40. Although there is no direct precedent for a personal carbon trading scheme, there are established technologies that fulfil the functions required, not least the banking and transaction system itself. Richard Starkey was clear that this could be easily adapted for a personal carbon trading scheme: 'technologically you are using a well-established tried and tested credit card system, all the readers are in petrol stations and you are using systems of direct debit which are very well understood'.[31]

41. The CSE have also found the success of store loyalty cards particularly encouraging:

Estimates vary between 65% and 85% for the proportion of households which have at least one loyalty card. However, the scale and rate of take up of loyalty cards is probably less relevant to individual carbon trading systems than the findings that: (a) people seem perfectly prepared to buy things using more than one card per transaction, and; (b) these companies have established enormous databases which securely store personal data and vast amounts of transaction data.[32]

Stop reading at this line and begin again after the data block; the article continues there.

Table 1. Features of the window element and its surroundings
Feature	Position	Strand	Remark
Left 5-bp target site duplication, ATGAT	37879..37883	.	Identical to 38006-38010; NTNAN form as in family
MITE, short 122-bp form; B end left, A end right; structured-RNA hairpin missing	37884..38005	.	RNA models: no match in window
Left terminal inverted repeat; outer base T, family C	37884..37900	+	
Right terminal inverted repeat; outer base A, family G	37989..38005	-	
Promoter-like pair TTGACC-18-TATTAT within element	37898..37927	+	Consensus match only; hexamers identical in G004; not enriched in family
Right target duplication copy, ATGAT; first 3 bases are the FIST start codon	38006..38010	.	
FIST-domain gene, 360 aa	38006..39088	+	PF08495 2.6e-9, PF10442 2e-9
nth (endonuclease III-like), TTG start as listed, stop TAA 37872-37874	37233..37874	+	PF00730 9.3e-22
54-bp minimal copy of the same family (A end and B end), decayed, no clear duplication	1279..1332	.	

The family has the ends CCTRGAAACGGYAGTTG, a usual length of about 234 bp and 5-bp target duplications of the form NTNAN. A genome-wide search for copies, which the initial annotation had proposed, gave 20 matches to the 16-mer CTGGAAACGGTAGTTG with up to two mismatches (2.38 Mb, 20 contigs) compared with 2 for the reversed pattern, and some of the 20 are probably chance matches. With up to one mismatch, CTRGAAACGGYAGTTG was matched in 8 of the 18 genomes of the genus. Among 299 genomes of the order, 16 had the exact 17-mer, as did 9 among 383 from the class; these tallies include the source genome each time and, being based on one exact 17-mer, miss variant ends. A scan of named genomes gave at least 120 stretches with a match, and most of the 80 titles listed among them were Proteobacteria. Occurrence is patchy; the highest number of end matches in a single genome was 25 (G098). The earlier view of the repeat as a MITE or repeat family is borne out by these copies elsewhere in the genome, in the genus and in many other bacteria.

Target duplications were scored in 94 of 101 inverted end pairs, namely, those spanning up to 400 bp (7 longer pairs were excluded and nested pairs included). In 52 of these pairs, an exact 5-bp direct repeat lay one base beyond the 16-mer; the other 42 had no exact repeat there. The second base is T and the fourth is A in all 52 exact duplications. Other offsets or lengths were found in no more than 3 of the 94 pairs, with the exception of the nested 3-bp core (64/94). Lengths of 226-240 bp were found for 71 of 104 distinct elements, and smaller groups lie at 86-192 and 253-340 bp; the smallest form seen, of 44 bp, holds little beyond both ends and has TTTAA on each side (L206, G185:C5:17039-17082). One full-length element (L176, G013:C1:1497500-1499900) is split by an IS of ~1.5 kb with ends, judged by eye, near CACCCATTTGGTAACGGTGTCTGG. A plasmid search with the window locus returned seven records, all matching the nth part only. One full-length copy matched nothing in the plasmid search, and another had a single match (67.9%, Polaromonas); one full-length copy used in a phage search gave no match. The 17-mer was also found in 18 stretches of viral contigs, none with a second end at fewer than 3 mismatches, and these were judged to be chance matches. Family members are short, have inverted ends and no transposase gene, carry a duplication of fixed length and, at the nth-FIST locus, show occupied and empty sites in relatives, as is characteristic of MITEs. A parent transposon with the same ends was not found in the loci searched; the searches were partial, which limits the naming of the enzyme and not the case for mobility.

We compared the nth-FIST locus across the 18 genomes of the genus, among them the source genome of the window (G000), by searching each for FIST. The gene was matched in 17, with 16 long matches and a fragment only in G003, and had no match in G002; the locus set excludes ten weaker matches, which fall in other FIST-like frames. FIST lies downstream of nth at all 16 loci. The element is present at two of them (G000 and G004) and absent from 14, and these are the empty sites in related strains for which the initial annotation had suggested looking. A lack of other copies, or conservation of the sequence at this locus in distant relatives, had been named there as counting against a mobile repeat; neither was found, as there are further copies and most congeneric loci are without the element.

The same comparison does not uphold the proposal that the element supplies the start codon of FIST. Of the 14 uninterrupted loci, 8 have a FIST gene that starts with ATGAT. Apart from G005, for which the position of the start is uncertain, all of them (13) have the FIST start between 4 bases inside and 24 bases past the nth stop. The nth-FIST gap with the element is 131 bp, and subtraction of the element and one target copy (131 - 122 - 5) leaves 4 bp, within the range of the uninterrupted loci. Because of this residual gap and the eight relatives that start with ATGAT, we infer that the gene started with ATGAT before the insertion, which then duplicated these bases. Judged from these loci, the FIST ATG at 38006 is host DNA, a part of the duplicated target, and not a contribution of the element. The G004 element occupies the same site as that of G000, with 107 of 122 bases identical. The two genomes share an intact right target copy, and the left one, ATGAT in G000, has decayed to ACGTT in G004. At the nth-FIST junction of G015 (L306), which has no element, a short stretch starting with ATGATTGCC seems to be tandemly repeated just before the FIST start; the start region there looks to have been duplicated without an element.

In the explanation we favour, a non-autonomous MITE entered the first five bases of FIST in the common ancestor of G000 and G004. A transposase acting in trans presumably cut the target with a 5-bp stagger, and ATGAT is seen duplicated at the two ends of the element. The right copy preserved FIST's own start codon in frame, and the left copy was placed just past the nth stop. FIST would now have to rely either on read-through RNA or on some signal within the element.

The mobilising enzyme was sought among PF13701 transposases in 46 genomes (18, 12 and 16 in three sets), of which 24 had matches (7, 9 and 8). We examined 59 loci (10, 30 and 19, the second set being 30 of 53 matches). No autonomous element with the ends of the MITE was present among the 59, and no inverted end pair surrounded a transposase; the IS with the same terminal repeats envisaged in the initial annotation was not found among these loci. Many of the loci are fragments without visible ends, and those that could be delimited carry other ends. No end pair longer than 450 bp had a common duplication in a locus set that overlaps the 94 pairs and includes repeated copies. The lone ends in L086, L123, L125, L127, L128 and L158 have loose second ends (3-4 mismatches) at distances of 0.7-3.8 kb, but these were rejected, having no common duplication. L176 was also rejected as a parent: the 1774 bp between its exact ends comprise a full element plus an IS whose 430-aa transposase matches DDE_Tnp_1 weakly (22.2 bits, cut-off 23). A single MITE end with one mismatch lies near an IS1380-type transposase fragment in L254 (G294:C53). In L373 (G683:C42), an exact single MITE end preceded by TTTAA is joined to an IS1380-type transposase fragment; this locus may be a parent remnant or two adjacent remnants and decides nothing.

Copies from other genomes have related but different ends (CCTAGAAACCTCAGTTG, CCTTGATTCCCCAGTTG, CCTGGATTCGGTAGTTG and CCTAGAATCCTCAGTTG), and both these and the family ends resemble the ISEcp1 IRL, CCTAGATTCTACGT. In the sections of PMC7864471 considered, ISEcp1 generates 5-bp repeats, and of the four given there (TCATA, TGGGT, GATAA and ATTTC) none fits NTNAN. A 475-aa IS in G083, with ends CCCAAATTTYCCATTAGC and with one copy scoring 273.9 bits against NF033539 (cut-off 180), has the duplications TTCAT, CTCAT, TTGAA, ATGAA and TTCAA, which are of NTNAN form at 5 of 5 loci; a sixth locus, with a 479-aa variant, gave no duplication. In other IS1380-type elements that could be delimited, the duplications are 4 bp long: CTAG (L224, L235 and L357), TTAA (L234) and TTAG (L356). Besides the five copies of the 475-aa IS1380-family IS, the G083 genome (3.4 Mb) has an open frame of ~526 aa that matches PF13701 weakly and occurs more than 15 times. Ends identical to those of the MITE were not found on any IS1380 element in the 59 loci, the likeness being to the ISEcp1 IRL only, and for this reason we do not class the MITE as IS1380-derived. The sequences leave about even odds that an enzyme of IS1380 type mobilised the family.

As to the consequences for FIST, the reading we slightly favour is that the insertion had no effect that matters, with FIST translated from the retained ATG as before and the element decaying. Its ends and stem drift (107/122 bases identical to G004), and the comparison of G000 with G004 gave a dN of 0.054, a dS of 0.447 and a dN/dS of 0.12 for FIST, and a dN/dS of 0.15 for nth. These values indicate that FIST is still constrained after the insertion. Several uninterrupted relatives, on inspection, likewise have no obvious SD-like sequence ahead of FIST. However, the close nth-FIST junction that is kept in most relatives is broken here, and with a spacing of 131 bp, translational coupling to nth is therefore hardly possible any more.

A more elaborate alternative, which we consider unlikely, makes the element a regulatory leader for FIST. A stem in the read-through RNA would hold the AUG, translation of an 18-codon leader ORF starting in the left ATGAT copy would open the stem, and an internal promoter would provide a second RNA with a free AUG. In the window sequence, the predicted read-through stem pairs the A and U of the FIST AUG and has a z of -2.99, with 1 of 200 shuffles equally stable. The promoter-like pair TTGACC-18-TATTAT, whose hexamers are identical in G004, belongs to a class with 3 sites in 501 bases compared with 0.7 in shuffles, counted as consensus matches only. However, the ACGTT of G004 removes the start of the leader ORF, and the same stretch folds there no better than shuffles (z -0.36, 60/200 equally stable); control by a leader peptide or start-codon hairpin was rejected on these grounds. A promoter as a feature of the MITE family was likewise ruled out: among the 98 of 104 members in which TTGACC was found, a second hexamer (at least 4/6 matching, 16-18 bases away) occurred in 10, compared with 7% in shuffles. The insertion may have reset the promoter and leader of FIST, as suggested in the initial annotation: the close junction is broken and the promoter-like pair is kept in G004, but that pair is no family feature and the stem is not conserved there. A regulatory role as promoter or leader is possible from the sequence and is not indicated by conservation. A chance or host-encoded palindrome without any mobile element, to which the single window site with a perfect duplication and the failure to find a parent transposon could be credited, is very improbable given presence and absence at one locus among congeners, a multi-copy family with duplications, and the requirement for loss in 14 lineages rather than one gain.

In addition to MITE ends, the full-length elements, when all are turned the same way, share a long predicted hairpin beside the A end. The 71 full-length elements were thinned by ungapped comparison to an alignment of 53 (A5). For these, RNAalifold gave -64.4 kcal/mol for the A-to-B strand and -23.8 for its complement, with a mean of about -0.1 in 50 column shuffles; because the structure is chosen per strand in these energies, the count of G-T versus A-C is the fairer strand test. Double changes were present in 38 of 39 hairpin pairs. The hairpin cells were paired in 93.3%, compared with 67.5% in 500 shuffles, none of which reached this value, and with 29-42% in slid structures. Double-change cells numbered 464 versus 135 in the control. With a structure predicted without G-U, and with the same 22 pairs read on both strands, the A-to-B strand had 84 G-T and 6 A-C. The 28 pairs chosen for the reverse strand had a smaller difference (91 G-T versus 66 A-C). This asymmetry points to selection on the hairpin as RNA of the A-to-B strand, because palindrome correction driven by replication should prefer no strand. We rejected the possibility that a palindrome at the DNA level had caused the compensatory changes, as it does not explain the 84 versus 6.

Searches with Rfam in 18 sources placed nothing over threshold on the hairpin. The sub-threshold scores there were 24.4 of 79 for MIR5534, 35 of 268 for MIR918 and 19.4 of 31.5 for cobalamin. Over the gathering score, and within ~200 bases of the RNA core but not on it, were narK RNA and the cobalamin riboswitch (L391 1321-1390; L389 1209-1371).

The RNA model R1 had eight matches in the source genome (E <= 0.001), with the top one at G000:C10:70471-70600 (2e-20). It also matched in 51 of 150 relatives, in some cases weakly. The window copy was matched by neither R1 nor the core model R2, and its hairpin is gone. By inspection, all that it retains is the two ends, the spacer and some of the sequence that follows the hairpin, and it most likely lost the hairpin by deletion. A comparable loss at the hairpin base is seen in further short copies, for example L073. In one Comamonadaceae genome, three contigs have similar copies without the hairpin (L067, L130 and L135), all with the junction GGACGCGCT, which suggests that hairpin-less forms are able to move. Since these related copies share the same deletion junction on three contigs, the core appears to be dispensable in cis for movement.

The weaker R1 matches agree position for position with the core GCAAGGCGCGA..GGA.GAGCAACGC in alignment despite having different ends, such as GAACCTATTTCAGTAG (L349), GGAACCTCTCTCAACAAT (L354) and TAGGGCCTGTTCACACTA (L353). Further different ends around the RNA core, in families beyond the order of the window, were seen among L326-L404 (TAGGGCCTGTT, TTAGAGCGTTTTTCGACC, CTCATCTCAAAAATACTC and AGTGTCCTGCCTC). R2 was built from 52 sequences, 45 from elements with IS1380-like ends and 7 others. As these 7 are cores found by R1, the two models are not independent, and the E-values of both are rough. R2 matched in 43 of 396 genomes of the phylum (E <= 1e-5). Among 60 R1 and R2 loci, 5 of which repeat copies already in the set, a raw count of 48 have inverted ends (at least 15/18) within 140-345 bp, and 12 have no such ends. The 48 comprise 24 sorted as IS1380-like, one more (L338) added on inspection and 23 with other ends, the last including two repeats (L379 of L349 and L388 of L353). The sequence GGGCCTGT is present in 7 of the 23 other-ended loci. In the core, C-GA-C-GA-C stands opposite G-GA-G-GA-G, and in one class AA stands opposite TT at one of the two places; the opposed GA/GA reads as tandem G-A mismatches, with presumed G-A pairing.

The CSE calculated that the Tesco Clubcard database collects some 50 billion pieces of data per year. Based on the Tyndall Centres's estimations of transaction figures, the CSE calculated that a personal carbon trading database would have to process 15 billion pieces of data per year.[33]

42. The most significant operational difficulty lies in the administration of allowances and accounts. Simon Roberts told us: